In his recent book The Fifth Miracle, Paul Davies suggests that any laws capable of explaining the origin of life must be radically different from scientific laws known to date. The problem, as he sees it, with currently known scientific laws, like the laws of chemistry and physics, is that they are not up to explaining the key feature of life that needs to be explained. That feature is specified complexity. Life is both complex and specified. The basic intuition here is straightforward. A single letter of the alphabet is specified without being complex (i.e., it conforms to an independently given pattern but is simple). A long sequence of random letters is complex without being specified (i.e., it requires a complicated instruction-set to characterize but conforms to no independently given pattern). A Shakespearean sonnet is both complex and specified.

Now, as Davies rightly notes, contingency can explain complexity but not specification. For instance, the exact time sequence of radioactive emissions from a chunk of uranium will be contingent, complex, but not specified. On the other hand, as Davies also rightly notes, laws can explain specification but not complexity. For instance, the formation of a salt crystal follows well-defined laws, produces an independently known repetitive pattern, and is therefore specified but that pattern will also be simple, not complex. The problem is to explain something like the genetic code, which is both complex and specified. As Davies puts it: "Living organisms are mysterious not for their complexity per se, but for their tightly specified complexity" (p. 112).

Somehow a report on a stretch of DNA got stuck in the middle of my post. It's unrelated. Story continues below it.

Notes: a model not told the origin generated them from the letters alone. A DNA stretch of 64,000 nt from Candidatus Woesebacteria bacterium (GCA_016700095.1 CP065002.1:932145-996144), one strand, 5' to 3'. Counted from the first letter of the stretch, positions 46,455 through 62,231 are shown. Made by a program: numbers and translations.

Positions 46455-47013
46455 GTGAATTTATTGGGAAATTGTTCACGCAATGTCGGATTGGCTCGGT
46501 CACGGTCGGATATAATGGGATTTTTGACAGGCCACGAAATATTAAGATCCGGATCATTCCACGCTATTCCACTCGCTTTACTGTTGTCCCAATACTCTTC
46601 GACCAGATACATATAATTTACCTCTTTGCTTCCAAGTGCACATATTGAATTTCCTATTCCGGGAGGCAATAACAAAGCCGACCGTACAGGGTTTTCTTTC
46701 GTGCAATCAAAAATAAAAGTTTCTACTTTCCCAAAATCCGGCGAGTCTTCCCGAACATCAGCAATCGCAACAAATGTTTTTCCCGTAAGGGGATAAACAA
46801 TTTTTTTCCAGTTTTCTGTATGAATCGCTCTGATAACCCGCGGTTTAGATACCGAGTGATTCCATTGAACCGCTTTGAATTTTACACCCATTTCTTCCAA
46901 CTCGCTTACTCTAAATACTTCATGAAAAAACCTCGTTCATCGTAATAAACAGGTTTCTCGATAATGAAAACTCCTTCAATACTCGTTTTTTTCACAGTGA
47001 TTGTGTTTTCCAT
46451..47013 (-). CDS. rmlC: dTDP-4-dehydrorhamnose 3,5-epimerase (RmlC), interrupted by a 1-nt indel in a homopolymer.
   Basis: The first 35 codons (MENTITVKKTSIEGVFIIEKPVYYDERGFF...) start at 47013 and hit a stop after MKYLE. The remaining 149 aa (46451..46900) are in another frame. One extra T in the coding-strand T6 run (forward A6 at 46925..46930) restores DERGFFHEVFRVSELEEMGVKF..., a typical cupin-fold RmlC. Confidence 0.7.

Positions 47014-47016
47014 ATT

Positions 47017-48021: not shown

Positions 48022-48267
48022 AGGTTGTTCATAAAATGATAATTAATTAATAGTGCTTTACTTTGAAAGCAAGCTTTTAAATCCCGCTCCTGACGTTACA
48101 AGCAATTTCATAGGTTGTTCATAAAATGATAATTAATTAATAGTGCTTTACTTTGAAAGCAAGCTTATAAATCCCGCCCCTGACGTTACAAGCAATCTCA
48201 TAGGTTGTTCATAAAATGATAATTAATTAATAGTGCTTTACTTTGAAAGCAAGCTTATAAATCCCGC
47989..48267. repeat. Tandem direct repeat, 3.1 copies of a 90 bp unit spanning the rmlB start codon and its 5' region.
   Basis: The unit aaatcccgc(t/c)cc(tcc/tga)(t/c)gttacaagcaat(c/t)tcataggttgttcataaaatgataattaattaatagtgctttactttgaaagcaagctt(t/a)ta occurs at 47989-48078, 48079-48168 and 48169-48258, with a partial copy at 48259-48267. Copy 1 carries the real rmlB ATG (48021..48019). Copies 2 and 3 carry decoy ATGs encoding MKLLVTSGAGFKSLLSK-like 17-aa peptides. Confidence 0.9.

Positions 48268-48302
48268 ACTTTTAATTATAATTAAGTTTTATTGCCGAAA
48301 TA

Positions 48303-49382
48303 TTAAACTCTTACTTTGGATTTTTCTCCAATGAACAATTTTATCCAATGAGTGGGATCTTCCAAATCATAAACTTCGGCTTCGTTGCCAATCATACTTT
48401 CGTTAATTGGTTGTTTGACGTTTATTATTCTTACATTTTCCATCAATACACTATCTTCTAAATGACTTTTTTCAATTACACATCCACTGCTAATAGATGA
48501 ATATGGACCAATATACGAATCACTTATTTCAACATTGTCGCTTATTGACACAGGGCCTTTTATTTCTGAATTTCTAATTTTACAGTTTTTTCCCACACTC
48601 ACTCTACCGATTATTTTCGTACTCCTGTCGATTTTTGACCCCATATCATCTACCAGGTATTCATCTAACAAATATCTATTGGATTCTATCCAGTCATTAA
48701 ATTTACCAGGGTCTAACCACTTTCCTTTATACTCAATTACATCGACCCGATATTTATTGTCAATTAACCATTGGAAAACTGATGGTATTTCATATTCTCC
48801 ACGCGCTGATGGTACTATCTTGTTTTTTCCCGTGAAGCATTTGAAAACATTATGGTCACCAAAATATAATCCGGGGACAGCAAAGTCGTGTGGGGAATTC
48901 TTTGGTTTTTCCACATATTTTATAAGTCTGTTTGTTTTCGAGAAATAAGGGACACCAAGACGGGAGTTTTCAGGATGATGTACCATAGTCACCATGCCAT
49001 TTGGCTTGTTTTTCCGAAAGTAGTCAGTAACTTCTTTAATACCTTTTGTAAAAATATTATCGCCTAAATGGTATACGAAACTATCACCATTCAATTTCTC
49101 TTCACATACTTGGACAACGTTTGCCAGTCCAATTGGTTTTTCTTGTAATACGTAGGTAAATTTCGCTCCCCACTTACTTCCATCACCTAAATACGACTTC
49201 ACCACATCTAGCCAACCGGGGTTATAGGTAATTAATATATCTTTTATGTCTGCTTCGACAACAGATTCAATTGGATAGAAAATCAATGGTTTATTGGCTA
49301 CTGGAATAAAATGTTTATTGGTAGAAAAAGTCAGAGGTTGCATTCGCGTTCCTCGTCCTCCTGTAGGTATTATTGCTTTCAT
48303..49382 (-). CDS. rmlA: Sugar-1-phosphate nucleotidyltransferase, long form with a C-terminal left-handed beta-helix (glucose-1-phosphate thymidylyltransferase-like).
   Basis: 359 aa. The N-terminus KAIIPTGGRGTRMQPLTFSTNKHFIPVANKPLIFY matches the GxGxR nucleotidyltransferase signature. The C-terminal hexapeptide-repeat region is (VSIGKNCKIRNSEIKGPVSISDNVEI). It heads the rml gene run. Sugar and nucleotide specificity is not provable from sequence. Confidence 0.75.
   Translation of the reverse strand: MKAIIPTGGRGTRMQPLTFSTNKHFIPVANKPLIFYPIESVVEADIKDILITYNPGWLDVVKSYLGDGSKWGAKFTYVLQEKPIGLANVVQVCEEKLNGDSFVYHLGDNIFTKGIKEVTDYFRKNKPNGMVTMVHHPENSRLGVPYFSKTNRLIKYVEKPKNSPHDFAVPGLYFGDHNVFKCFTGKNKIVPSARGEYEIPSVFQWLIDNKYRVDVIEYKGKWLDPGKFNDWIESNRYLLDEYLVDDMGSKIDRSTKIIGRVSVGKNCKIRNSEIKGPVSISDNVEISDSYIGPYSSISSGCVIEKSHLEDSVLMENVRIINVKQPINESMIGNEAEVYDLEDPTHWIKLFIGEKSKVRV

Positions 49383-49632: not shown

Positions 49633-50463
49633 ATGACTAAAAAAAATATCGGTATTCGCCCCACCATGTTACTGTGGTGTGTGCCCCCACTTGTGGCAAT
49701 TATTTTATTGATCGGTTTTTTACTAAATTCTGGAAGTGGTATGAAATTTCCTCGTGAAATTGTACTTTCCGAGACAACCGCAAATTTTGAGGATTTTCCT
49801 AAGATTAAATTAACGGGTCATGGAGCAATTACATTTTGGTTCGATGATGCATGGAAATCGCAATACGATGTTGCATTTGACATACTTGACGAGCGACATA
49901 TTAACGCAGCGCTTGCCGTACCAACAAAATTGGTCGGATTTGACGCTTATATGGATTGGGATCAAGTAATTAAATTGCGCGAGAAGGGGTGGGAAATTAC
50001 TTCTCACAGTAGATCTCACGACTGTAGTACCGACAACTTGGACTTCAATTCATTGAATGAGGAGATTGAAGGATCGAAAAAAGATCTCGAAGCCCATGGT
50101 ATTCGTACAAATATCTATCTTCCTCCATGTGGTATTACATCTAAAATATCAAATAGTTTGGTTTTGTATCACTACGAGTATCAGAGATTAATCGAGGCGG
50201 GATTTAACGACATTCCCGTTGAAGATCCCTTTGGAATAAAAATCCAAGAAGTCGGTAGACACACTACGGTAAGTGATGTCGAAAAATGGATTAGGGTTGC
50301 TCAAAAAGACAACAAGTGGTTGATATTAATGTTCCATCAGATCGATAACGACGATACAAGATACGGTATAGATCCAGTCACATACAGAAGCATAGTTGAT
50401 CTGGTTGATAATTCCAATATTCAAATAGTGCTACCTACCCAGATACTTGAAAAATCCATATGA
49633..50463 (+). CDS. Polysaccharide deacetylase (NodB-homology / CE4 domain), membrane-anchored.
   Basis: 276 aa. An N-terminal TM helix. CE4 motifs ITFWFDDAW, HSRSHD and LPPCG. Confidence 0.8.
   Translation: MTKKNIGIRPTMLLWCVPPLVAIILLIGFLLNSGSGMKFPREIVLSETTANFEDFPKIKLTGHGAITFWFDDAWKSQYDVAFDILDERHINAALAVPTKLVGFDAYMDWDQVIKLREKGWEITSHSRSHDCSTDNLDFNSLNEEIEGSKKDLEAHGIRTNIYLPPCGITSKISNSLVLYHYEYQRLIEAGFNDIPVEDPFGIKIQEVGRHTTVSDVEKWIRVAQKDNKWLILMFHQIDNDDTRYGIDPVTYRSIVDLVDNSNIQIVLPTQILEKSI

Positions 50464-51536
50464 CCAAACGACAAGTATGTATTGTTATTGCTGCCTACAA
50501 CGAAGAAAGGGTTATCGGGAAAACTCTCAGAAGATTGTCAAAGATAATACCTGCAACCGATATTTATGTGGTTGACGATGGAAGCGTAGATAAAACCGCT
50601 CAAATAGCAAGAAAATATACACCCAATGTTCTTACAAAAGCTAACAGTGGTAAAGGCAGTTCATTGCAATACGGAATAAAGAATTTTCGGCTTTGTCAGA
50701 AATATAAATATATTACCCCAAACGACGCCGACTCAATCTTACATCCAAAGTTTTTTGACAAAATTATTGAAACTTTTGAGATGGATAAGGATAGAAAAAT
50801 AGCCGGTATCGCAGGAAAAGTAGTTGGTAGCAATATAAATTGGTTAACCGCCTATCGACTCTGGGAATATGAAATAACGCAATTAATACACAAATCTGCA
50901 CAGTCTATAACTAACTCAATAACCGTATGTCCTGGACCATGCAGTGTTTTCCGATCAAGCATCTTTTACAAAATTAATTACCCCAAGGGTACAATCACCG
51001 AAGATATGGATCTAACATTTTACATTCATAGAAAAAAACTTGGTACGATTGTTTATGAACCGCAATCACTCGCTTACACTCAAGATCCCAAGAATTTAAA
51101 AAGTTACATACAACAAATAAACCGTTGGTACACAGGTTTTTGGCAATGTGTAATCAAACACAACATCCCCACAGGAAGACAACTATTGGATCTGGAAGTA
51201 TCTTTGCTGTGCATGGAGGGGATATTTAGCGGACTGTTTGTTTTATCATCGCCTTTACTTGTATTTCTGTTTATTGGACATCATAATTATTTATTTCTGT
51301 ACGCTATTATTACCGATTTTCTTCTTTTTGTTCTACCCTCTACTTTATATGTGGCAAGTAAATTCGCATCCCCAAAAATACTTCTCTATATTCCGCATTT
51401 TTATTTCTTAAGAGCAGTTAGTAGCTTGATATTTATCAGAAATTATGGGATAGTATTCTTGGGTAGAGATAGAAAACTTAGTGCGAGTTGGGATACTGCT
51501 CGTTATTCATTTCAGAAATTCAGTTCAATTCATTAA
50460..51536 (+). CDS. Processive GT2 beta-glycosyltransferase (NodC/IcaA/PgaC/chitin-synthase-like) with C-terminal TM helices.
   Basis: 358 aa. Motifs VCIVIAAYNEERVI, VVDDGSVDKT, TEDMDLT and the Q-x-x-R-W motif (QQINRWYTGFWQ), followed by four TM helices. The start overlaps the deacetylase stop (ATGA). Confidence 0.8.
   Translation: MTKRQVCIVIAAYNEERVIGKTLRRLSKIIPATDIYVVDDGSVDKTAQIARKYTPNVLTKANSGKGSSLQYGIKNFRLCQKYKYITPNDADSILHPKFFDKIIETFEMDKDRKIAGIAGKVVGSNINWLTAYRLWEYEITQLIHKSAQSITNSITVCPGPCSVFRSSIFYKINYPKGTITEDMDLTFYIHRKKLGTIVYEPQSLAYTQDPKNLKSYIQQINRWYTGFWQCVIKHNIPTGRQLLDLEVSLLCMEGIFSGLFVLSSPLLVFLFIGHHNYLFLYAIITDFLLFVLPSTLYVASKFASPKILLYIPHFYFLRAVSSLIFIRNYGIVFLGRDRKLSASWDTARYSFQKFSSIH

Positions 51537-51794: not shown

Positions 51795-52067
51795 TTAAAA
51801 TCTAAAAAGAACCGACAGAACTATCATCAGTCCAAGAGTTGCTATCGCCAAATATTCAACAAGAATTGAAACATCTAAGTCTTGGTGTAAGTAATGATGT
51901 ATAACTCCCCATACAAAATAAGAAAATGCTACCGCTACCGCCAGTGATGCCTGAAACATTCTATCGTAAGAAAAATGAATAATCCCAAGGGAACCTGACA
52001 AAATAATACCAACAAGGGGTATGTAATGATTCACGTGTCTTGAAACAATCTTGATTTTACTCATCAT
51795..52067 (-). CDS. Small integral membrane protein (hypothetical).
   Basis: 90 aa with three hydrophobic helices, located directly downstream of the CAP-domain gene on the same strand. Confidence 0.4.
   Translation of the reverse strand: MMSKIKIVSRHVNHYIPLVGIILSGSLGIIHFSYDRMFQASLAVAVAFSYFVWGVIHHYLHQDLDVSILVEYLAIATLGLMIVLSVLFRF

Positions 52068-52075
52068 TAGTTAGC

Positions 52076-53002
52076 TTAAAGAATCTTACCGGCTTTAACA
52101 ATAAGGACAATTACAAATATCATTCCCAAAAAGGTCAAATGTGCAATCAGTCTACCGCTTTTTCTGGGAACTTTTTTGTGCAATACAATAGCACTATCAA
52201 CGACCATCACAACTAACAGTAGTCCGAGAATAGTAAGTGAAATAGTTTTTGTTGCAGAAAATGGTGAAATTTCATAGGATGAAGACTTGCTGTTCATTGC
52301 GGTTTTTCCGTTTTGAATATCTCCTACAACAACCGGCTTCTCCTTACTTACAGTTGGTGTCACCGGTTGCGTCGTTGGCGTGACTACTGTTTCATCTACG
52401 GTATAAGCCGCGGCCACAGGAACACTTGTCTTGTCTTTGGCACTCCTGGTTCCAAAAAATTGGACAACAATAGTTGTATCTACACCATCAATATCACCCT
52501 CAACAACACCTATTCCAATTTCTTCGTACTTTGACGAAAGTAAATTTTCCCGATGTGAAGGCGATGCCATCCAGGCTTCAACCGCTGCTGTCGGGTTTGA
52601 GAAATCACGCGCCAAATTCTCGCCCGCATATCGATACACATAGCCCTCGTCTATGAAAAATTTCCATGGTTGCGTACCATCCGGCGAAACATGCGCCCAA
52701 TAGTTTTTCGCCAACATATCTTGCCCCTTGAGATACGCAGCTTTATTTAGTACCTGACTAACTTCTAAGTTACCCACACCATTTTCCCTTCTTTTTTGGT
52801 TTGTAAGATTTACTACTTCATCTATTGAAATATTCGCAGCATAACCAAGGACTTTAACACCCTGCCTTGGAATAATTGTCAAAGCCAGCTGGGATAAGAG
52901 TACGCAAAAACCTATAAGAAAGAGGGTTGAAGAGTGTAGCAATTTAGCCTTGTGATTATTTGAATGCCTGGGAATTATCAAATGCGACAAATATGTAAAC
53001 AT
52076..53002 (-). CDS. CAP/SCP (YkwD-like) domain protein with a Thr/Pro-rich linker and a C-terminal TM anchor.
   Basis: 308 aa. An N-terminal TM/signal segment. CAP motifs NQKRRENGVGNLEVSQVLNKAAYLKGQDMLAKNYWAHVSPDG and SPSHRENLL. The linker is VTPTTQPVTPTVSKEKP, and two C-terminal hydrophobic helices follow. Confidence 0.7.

How does the scientific community explain specified complexity? Usually via an evolutionary algorithm. By an evolutionary algorithm I mean any algorithm that generates contingency via some chance process and then sifts the so-generated contingency via some law-like process. The Darwinian mutation-selection mechanism, neural nets, and genetic algorithms all fall within this broad definition of evolutionary algorithms. Now the problem with invoking evolutionary algorithms to explain specified complexity at the origin of life is absence of any identifiable evolutionary algorithm that might account for it. Once life has started and self-replication has begun, the Darwinian mechanism is usually invoked to explain the specified complexity of living things.

But what is the relevant evolutionary algorithm that drives chemical evolution? No convincing answer has been given to date. To be sure, one can hope that an evolutionary algorithm that generates specified complexity at the origin of life exists and remains to be discovered. Manfred Eigen, for instance, writes, "Our task is to find an algorithm, a natural law that leads to the origin of information," where by "information" I understand him to mean specified complexity. But if some evolutionary algorithm can be found to account for the origin of life, it would not be a radically new law in Davies's sense. Rather, it would be a special case of a known process.

I submit that the problem of explaining specified complexity is even worse than Davies makes out in The Fifth Miracle. Not only have we yet to explain specified complexity at the origin of life, but evolutionary algorithms fail to explain it in the subsequent history of life as well. Given the growing popularity of evolutionary algorithms, such a claim may seem ill-conceived. But consider a well known example by Richard Dawkins (The Blind Watchmaker, pp. 47-48) in which he purports to show how a cumulative selection process acting on chance can generate specified complexity. He starts with the following target sequence, a putative instance of specified complexity: